Chora church museum, Rusterm Pasha Mosque, Grand Bazaar, Basalica Cistern and boarding the ship
Istanbul Travel Blog› entry 9 of 37 › view all entries
In the morning, we visited the Church of St Saviour in Chora, where some of the best Byzantine mosaics exist in Istanbul. The present church dates from the 11th century, while the frescoes and mosaics were added in the 1th century. There were two domes in the inner narthex, one of the domes in the church depicts the genealogy of Christ and the other the life of the virgin. Our guide asked if any of us had neck problems, we said no, then she said we would after viewing this church.
We went back to the city, passing old walls of Constantinople and back to the waterfront of the Golden Horn again. We paid a short visit to the tiny mosque called Rusterm Pasha Mosque. It was a beautiful mosque with mostly white painted ceiling with many blue tiles from Iznik, the best tiles according to the guidebook. It was not as grand as the Blue Mosque, but more intimate and maybe even more beautiful. Its main dome had 24 arched windows at its base, then 8 more arches of alternating white and red marbles. Blue and white tiles with a roundel bearing probably the names of some important person in calligraphy fill the triangluar sections above the arches. From the center looking up, it resembes a flower!
Our next stop was the Grand Bazaar, more than 4000 shops of all kinds.
We made one more stop in town, the underground Basilica Cistern. Its entrance was located right between the Hippodrome and the Haghia Sophia. I had seen photos of this in the guide book, and wanted to visit it definitely. The underground water cistern was a vast and unusually beautiful place to visit. Supposed to have been laid out during the 6th century to satisfy the round demands of the great palace. Its existence was not known to the Ottomans until people were found to be collecting water and fishing through holes in their basements.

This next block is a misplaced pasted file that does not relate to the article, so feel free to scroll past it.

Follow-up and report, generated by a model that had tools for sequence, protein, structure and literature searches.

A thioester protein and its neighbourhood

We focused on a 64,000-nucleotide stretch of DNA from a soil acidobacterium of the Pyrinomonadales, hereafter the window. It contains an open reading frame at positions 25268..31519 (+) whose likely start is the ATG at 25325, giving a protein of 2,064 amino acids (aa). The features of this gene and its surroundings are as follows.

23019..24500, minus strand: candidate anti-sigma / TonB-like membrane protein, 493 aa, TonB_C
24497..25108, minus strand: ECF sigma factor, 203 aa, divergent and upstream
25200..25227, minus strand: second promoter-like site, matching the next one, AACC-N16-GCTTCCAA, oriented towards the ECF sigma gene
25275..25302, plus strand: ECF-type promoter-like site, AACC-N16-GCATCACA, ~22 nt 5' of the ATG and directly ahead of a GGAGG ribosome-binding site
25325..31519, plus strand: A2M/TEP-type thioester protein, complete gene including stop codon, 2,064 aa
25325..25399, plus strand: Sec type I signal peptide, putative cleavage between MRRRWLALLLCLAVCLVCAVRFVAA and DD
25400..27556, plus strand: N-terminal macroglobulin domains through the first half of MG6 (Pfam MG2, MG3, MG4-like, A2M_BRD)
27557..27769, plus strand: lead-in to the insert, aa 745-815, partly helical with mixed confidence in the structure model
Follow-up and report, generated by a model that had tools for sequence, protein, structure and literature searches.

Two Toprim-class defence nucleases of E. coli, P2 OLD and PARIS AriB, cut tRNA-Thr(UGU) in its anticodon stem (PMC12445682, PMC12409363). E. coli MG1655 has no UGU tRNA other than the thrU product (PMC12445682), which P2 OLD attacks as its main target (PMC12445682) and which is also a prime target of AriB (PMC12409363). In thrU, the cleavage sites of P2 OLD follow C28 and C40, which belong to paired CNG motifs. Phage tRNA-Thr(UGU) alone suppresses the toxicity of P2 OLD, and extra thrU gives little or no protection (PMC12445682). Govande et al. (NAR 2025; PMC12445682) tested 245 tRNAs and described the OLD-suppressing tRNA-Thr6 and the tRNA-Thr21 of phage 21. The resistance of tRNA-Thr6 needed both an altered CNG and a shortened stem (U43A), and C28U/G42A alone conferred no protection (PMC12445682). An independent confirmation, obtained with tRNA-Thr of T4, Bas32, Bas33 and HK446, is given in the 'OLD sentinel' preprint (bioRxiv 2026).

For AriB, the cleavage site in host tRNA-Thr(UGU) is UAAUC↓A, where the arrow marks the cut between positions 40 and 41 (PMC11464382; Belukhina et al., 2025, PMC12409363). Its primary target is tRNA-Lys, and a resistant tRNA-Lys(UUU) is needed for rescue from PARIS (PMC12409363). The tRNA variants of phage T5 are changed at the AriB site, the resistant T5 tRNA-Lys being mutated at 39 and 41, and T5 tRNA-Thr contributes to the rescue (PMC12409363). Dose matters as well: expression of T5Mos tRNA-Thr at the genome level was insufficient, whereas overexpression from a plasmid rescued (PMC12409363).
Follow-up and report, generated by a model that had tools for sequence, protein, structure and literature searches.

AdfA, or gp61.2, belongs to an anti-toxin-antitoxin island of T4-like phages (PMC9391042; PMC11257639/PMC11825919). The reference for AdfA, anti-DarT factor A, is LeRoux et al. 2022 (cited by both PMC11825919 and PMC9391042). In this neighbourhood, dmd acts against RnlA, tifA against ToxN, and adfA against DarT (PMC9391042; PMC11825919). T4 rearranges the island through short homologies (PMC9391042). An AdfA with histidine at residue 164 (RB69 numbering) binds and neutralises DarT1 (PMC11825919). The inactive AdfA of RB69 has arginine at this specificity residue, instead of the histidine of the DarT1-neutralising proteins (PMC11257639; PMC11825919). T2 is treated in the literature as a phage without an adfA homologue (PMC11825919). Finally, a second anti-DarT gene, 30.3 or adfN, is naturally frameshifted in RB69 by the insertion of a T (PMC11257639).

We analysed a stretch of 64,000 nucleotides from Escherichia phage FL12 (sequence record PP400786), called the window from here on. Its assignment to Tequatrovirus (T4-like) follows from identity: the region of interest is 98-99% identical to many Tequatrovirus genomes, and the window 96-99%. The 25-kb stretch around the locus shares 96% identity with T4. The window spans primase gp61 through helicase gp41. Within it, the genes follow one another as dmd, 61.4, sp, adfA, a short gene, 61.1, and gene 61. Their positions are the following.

We boarded our ship in the afternoon, and sailed through the Bosphorus strait into the Black Sea. The Bosphorus was a busy waterway! When we left the dock, the water was busy with rush hour traffic, boats ships of all sizes going in all directions at once, really impressive. We went under the Bosphorus Bridge (the first bridge to be built over the Bosphorus, completed in 1973, it is the world's 9th longest suspension bridge, at 1074 meters long) and then the Faith Sultan Mehmet Bridge where we had a good view of the Fortress of Europe right under the bridge.
The sun started to set and we turned into the Black Sea as the night fell.
On the ship, Le Levant, we had a guest count of 64, and a crew count of 54! The crew was mostly French, as was the captain. We were greeted at the entry to the ship by the captain and several officers, and were shown to our rooms. The room was not very large, but more spacious than many much larger cruise ships. We unpacked and hung our clothes in the closet, which had plenty of hangers. Since this would be our home for the next 7 nights. We had an introduction of the ship's officers and a life boat drill. At 8pm we were served dinner in the main dining room.